COVID-19 Related Federal IT Spending, March-June 2020
Published: July 01, 2020
Opportunities are still appearing at several agencies despite declining spending on technology overall.
- Although total IT spending has been declining since April, the data is incomplete, with the Department of Defense reporting only for March.
- IT spending in June rose at 8 departments, including the Small Business Administration, Commerce, Social Security Administration, Labor, Energy, Office of Personnel Management, General Services Administration, and Agriculture.
- Business opportunities are expected to continue appearing as program offices identify needs.
Early last spring federal agencies responded to the COVID-19 pandemic by sending their workforces home to telework. Doing so required they invest in collaboration and teleconferencing capabilities, as well as cybersecurity, and, in some cases, the network infrastructure needed to ensure employees could continue performing their jobs. An explosion of spending on information technology resulted, peaking in April and falling from there.
The top 10 departments in terms of IT spending are shown above. Not surprisingly, those with an explicitly health-related mission – Health and Human Services and Veterans Affairs – reported spending the most on IT. This makes sense given that in addition to spending on the IT goods and services they needed to ensure employees could work remotely, HHS and the VA also spent significant amounts on health IT products, such as ventilators, infusion machines, vital sign monitors, touch-free thermometers, and the like. All of these products are becoming increasingly sophisticated, with integrated software, wireless sensors, and monitors. It is this procurement of health-related technology that propelled HHS and the VA to the forefront of federal spending on IT.
Looking at the data, readers might assume that with the initial burst of spending now in the rearview mirror the opportunity to help agencies respond to the ongoing public health crisis is past. This might not be the case. For one thing, the Department of Defense, with all of its component agencies and military departments, has only reported its IT spending data for March. This means that total IT spending from April through June could be several hundred million dollars higher. It is unlikely that this will change the downward trajectory of COVID-19 related IT spending, but it will raise the totals once the data is fully reported. In other words, departments like the DOD are still spending large amounts of money on IT in response to the pandemic.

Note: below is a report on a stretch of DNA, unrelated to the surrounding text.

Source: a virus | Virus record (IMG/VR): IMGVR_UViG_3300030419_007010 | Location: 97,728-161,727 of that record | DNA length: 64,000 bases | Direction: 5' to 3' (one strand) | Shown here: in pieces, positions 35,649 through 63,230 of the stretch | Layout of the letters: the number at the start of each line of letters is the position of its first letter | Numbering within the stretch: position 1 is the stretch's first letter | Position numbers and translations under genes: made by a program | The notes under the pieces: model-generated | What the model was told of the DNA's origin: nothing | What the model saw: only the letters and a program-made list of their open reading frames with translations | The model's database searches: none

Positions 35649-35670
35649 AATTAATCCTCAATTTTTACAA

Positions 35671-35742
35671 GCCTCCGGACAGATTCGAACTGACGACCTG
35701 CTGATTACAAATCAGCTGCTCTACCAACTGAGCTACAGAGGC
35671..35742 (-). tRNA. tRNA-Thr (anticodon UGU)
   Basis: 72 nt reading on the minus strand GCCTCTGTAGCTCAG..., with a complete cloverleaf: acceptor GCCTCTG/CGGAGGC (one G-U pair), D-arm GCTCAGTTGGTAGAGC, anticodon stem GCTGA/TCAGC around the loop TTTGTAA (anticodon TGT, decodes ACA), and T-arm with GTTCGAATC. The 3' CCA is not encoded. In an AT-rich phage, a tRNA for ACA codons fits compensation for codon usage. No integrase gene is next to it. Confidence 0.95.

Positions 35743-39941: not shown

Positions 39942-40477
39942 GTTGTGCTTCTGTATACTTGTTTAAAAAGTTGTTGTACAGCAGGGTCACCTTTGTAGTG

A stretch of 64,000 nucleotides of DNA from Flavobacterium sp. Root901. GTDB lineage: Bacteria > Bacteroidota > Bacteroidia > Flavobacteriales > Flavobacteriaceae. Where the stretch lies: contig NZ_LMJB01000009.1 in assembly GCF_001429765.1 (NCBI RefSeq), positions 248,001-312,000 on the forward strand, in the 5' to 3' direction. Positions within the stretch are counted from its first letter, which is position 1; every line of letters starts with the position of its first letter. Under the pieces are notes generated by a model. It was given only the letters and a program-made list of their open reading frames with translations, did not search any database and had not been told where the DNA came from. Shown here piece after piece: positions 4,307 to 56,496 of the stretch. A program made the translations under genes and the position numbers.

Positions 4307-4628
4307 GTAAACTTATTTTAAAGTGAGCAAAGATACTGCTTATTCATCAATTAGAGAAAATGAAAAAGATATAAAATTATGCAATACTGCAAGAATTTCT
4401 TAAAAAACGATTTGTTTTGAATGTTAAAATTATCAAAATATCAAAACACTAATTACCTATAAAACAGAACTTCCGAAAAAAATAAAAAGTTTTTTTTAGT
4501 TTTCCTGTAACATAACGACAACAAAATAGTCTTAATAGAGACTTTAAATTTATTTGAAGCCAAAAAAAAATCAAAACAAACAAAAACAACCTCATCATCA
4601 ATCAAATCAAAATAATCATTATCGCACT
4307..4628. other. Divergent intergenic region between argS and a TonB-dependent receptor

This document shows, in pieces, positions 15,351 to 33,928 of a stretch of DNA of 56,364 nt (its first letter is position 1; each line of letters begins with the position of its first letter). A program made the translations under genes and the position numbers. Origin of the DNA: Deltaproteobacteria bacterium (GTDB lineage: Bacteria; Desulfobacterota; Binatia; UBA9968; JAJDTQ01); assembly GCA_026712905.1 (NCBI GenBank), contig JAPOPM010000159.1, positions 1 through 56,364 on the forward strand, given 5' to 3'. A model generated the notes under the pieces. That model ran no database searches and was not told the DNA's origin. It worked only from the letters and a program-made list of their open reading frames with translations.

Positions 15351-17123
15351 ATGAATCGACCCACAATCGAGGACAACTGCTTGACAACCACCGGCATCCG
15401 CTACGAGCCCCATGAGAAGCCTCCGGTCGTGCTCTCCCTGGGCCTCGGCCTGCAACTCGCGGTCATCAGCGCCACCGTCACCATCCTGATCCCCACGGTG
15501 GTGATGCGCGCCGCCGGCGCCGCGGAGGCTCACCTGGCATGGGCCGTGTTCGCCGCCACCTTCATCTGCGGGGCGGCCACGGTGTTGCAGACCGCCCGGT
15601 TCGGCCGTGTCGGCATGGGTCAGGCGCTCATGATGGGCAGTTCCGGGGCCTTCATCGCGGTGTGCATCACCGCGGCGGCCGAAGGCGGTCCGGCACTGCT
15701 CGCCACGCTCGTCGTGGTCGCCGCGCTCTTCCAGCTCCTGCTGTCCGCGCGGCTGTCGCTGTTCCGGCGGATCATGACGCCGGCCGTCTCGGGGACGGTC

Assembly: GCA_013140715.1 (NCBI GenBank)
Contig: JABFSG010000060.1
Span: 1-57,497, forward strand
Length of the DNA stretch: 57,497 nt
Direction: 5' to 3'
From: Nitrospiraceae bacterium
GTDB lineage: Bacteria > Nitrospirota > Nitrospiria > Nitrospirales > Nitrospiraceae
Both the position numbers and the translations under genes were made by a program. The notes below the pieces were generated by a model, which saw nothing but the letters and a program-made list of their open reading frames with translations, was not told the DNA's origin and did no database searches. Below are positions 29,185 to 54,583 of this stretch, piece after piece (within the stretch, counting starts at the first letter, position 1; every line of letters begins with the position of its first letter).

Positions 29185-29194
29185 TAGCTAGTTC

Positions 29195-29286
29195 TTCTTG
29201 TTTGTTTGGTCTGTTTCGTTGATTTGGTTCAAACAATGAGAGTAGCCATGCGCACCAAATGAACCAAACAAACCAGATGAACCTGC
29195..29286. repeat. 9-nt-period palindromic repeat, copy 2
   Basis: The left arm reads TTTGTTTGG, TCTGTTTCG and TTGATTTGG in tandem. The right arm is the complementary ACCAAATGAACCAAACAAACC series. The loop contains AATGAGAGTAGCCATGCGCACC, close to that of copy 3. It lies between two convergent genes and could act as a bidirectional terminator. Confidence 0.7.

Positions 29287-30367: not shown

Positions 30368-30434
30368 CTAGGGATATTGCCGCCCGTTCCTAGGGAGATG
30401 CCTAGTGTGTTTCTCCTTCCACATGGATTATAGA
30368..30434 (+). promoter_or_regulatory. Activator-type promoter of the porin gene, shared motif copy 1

Then there is the fact that several departments and offices – a total of 8 altogether – reported an increase in their IT spending in June. These departments and what they spent are shown below in actual (i.e., not $K) dollars.
Several of these departments reported spending a good amount in the initial phase of the pandemic. Their reported spending then declined in the intervening months before rising again in June. A few other departments/offices reported spending more on IT in June than they had during any other month since the pandemic began. The Office of Personnel Management (OPM), GSA, and especially Labor, all fall into this category.
What did they report buying? In Labor’s case, the department purchased nearly $9M in HP Chromebooks for the Job Corps Student Distance Learning Program. The GSA, meanwhile, reported spending almost $1.3M on Enterprise Operations IT Infrastructure and OPM spent $1M on Salesforce Professional Services.
COVID-19 related IT spending will probably continue to decline in the months to come, particularly if the number of infections across the U.S. really begins to abate. Nevertheless, as the reported spending in June shows, there will still be opportunities that pop-up here and there as agency program offices identify needs and move to address them. Ongoing pressure to modernize agency IT environments should also prove helpful for driving investment.